Rudd also authorised the spying on the President of Indonesia and his wife, a booby trap that duly exploded in the face of his Coalition successor. Rudd also poisoned the relationship with China, with his lectures to Beijing, which has also come back to haunt the Coalition government. Then came Gillard, who directed a decisive shift of funding and power to the unions. She exposed the Commonwealth to a massive unfunded financial obligation for the National Disability Insurance Scheme.

She provided political cover for the disgraced union official Craig Thomson. And she set up and then stacked the Fair Work Australia bureaucracy with former union officials and Labor lawyers.

Labor booby-trapped the future.

It is also busy booby-trapping the present, putting improvised explosive devices everywhere, with the help of the Greens. Together, they have engaged in scorched-earth, rearguard, morally bankrupt obstructionism as if the 2013 federal election was a meaningless exercise, the will of the people has no moral authority, and the idea of a mandate, delivered by the only poll that matters, is an empty ideal to be ignored. The worst among equals in this cynicism are Labor’s leader, Bill Shorten, his deputy, Tanya Plibersek, and the Minister for Gutter, Anthony Albanese, assisted by the deputy leader of the Greens, Adam Bandt.

Contrast their scorched-earth cynicism with the response of the defeated Coalition government in 2007, when it conceded the public had rejected its Work Choices industrial relations policies and Labor had a mandate to create what would become Fair Work Australia. This was the great issue in 2007 (after the unions spent millions to make it so) just as the carbon tax and curbing people-smuggling were the great issues of 2013.

For the past year the Coalition restricted itself to a small but emphatic range of policies that clearly differentiated it from Labor: repeal the carbon tax, repeal the mining tax, re-introduce temporary protection visas (which closed off asylum status), re-introduce the Australian Building and Construction Commission and end Labor’s deficit spending. This was the message. These policies became the mandate when Labor was thrown out of office in a landslide and the Greens suffered an even more emphatic 28 per cent plunge in their vote and lost the balance of power in the Senate.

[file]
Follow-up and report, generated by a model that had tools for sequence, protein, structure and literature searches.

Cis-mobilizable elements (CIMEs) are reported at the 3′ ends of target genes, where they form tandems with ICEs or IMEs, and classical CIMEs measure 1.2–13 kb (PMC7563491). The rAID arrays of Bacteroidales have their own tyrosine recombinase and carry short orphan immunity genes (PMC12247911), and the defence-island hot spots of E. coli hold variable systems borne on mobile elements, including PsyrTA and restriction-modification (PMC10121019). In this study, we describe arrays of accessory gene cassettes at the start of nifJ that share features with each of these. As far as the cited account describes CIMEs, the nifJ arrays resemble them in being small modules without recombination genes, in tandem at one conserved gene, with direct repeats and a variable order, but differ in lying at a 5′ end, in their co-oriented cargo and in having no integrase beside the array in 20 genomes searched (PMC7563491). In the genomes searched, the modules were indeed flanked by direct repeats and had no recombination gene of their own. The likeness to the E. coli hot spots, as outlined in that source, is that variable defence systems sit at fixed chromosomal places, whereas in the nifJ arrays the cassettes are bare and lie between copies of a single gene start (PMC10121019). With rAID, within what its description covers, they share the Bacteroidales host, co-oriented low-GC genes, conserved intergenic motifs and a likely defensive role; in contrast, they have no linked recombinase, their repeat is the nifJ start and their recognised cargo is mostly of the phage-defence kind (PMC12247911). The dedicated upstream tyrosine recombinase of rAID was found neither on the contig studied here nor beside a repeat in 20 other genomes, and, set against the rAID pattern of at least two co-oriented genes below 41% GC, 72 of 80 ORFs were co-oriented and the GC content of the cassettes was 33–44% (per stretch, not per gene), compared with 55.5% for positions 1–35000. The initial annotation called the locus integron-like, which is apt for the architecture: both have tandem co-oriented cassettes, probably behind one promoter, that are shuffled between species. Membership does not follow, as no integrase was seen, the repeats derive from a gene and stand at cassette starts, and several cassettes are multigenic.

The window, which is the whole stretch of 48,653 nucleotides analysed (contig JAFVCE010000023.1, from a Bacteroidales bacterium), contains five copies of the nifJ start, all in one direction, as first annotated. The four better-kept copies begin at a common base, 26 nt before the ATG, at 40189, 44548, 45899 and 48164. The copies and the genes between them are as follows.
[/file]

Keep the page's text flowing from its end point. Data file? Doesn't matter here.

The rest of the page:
And what do we get? Labor and the Greens opposing all four mandates, and everything else, and some of Labor’s booby traps already exploding. Rudd’s authorising of spying on Indonesia’s President and his wife blew up on Tony Abbott, who suffered further damage as he doggedly covered up for Labor. Labor’s multi-billion-dollar expansion into school education, a state issue, also exploded when Education Minister Christopher Pyne ineptly fumbled his attempt to rein in its costs and impositions.

The government must now wait until July 1 next year, when the new Senate is sworn in, and hope the independents and the eccentric Palmer United Party senators are more moral and pragmatic than the Greens, who think 8 per cent is a moral majority and a mandate to obstruct everything. Everything, that is, except removing the debt ceiling, where the Greens sided with the government, but only because they feared if they did not the government would start slashing spending with a chainsaw.

The key figures in dealing with Labor’s booby traps are Hockey and Eric Abetz, the leader of the government in the Senate. Hockey has shown the most ticker in dealing with debt and deficit, and Senator Abetz has carriage of the crucial reform agenda in industrial relations. After Hockey, he has the most bombs to defuse.

Crucially, in addition to restoring the Australian Building and Construction Commission, and tackling the tainted culture of Fair Work Australia, Senator Abetz must navigate the Fair Work (Registered Organisations) Amendment Bill into law. This is the bill that will drag the unions out of the 19th century. It establishes an independent watchdog, the Registered Organisations Commission, with powers modelled on those of the Australian Securities and Investments Commission, to bring union governance into line with corporate governance.

The bill is designed to create a stronger, cleaner and more transparent union sector.

Labor and the Greens are opposing the bill at every step.

Read more: http://www.smh.com.au/comment/how-labor-boobytrapped-australias-future-20131215-2zf8y.html#ixzz2nalkcAH3